Here in 1 Peter 2:19, Peter says, ”grace is clearly at work when a person accepts undeserved pain and suffering and does so because [they are] mindful of God” (1 Peter 2:19). Notice here that grace is not about getting away with doing bad things, but rather it’s a force that empowers us to do the right thing, even if and when we may be persecuted for doing so.
Now if you remember from a few weeks ago when we began our study of 1 Peter, this letter was written to a new generation of Christians, many of whom were Gentiles who had been born after the time that Jesus lived on this earth, and so they had never met or even seen Jesus in the flesh. They had only heard stories about him from Peter and the other disciples who had walked with Jesus.
And because of the many misunderstandings about Christianity in the broader society of that day, they were often persecuted for their faith in Christ. Even if the Christians weren’t being physically persecuted, they faced rejection from family, and economic hardships, because people were sometimes hesitant to hire the Christians or do business with them because of their faith.
And this was because Christians were seen on the one hand as being narrowminded since they refused to participate in the cults of the Greco-Roman gods, and they only believed in and worshipped Jesus. On the other hand, the Christians were seen as dangerously progressive because, in their church services, women and men, Jews and Gentiles, slaves and free people worshipped freely together. When they came together in worship, people of every stratum of society prayed and prophesied and held positions of leadership and authority. And this sort of radical egalitarianism made the Romans fearful that Christianity was going to upend the very social mores of the day.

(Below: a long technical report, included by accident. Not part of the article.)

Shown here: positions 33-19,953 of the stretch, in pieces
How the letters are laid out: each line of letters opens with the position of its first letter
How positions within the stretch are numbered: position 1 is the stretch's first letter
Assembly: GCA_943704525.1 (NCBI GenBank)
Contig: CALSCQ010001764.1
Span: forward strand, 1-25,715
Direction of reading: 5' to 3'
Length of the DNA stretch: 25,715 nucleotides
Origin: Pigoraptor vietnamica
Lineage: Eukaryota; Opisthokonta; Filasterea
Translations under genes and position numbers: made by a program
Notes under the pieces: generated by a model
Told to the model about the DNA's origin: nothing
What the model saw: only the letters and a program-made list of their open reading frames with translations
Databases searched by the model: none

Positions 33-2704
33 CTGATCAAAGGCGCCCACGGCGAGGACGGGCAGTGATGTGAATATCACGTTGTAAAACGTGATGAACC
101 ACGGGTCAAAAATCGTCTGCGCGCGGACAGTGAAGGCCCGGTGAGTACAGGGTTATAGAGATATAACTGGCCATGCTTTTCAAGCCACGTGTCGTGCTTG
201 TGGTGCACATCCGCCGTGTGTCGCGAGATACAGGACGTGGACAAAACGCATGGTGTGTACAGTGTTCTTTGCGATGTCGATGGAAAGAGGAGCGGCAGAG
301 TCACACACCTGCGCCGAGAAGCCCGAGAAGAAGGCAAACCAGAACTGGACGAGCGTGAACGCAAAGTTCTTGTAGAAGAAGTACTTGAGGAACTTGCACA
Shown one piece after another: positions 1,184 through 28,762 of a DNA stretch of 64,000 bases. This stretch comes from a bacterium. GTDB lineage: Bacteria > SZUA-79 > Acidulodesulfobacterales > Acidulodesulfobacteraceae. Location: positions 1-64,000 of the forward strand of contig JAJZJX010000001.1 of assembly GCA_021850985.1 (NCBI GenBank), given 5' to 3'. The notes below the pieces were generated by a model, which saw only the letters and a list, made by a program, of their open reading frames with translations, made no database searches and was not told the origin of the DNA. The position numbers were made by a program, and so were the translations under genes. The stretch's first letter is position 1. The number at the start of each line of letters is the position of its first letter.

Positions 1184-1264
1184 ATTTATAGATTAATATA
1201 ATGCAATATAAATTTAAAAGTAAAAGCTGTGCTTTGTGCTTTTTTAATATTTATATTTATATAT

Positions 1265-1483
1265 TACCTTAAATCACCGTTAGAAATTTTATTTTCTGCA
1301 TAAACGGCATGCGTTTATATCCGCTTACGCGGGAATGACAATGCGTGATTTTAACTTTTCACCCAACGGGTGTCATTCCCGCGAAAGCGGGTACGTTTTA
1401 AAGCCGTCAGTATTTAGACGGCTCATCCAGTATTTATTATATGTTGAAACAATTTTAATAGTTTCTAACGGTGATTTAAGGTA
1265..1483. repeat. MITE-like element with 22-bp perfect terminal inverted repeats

And so the Christians faced a lot of challenging circumstances that could have made them want to hide the fact that they were Christians, or to give in to the social pressures of the day, or to retaliate when they were mistreated. But Peter encourages them by pointing out that God’s grace was at work within them, empowering them to do the right thing despite the persecution they were facing.